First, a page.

This subject introduces students to the practical application of clinical laboratory medicine in the diagnosis and monitoring of disease. It is designed to complement students' study of subjects such as pathophysiology, microbiology, biochemistry and critical reasoning by applying this knowledge base to the investigation of disease. The content links the differential diagnosis of various common acute and chronic diseases including renal failure, hepatitis, type 2 diabetes mellitus, skin cancer, anaemia and urine tract infection, with the testing that is commonly used, and illustrates the strengths and weaknesses of laboratory testing. The concepts of biological and analytical variation as they apply to the determination of reference intervals and the interpretation of results are explored. The problems associated with population and case based screening, diagnostic sensitivity, and the principles of evidence based medicine are also discussed.
|Faculty||Faculty of Health Sciences & Medicine|
1. Define the general terminology used in laboratory medicine
2. Describe the basic concepts underlying the relation between normal physiology and pathological processes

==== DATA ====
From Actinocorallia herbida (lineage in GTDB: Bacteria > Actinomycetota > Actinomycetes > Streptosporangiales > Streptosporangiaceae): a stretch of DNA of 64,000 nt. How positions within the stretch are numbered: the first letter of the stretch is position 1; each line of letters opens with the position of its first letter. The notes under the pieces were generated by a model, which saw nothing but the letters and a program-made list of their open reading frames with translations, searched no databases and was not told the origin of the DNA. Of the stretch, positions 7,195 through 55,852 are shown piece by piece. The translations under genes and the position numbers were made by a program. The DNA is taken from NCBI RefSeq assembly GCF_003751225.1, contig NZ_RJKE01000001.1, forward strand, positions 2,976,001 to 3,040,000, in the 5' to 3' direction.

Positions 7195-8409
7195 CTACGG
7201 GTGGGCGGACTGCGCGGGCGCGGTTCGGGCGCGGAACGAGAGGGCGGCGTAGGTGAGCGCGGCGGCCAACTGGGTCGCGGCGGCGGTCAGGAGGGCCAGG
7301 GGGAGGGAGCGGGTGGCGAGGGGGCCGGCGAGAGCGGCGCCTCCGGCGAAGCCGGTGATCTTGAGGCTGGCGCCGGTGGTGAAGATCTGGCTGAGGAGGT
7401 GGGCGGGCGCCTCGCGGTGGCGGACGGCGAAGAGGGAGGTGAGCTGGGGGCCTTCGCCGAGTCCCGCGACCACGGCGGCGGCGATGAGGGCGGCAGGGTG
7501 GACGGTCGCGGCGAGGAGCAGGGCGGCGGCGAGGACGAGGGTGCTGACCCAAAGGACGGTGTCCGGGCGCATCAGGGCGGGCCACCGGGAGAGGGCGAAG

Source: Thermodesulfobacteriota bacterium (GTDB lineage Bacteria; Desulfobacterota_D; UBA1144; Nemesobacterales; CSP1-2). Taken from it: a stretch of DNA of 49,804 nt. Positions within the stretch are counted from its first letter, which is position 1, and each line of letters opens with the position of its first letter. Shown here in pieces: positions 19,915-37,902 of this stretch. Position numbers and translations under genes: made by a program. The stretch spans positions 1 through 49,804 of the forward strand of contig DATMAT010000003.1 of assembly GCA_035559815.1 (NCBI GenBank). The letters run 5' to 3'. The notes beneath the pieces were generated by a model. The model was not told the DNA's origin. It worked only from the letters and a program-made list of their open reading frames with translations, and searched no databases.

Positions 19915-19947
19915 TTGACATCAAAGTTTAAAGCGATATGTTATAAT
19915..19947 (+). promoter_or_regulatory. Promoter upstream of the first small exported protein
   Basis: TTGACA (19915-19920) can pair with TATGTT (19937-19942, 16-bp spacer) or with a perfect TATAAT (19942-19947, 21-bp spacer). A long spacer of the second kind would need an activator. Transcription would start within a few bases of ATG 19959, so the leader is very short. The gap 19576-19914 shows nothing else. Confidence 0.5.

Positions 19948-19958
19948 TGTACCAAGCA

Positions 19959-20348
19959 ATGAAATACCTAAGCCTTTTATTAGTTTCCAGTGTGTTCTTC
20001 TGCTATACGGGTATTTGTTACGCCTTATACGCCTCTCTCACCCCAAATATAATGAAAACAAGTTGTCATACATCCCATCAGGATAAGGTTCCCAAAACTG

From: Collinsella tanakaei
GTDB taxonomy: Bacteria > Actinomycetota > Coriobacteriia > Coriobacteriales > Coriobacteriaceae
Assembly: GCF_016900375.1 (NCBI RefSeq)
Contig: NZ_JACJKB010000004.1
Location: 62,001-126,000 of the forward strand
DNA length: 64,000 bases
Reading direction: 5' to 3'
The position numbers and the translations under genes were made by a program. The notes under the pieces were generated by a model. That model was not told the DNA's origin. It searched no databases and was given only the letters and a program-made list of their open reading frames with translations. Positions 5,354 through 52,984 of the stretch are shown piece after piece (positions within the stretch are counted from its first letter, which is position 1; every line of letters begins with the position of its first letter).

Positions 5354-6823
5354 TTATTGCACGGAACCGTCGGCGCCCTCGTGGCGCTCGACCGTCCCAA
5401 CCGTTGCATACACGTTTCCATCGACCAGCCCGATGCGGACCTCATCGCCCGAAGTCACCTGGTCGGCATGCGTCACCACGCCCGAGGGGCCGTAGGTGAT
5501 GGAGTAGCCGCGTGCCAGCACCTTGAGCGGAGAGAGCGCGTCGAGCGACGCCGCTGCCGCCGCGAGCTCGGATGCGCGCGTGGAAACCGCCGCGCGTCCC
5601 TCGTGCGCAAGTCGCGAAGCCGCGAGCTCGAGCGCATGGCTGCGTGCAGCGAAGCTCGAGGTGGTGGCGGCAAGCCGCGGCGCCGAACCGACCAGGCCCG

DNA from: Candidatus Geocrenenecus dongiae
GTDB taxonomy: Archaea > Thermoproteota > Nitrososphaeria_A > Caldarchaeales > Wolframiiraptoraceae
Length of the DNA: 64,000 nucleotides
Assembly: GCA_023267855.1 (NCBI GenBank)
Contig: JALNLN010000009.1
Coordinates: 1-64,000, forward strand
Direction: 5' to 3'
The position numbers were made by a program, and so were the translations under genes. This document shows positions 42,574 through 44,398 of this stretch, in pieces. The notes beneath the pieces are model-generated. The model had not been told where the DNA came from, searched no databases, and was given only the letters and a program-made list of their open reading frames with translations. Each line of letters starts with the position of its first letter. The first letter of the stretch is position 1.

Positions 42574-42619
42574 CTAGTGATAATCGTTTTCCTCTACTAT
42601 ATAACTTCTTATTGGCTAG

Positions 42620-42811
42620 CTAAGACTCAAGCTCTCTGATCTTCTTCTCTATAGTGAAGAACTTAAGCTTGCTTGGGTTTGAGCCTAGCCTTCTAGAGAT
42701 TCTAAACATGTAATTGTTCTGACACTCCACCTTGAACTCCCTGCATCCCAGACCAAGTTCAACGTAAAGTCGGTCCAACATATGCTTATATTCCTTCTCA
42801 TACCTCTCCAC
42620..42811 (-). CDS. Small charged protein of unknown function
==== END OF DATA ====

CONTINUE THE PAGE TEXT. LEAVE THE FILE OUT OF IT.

3. Explain the basis of common tests used in laboratory medicine
4. Perform some common diagnostic tests and interpret the results
5. Describe how pathological injury is detected and disease is monitored using pathology tests
6. Evaluate the impact of pre-analytical and analytical error in laboratory tests
7. Outline contemporary issues in population screening.
8. Explain the significance of biological variation and its impact on the interpretation of pathology results
Assumed knowledge is the minimum level of knowledge of a subject area that students are assumed to have acquired through previous study. It is the responsibility of students to ensure they meet the assumed knowledge expectations of the subject. Students who do not possess this prior knowledge are strongly recommended against enrolling and do so at their own risk. No concessions will be made for students’ lack of prior knowledge.
Assumed Prior Learning (or equivalent):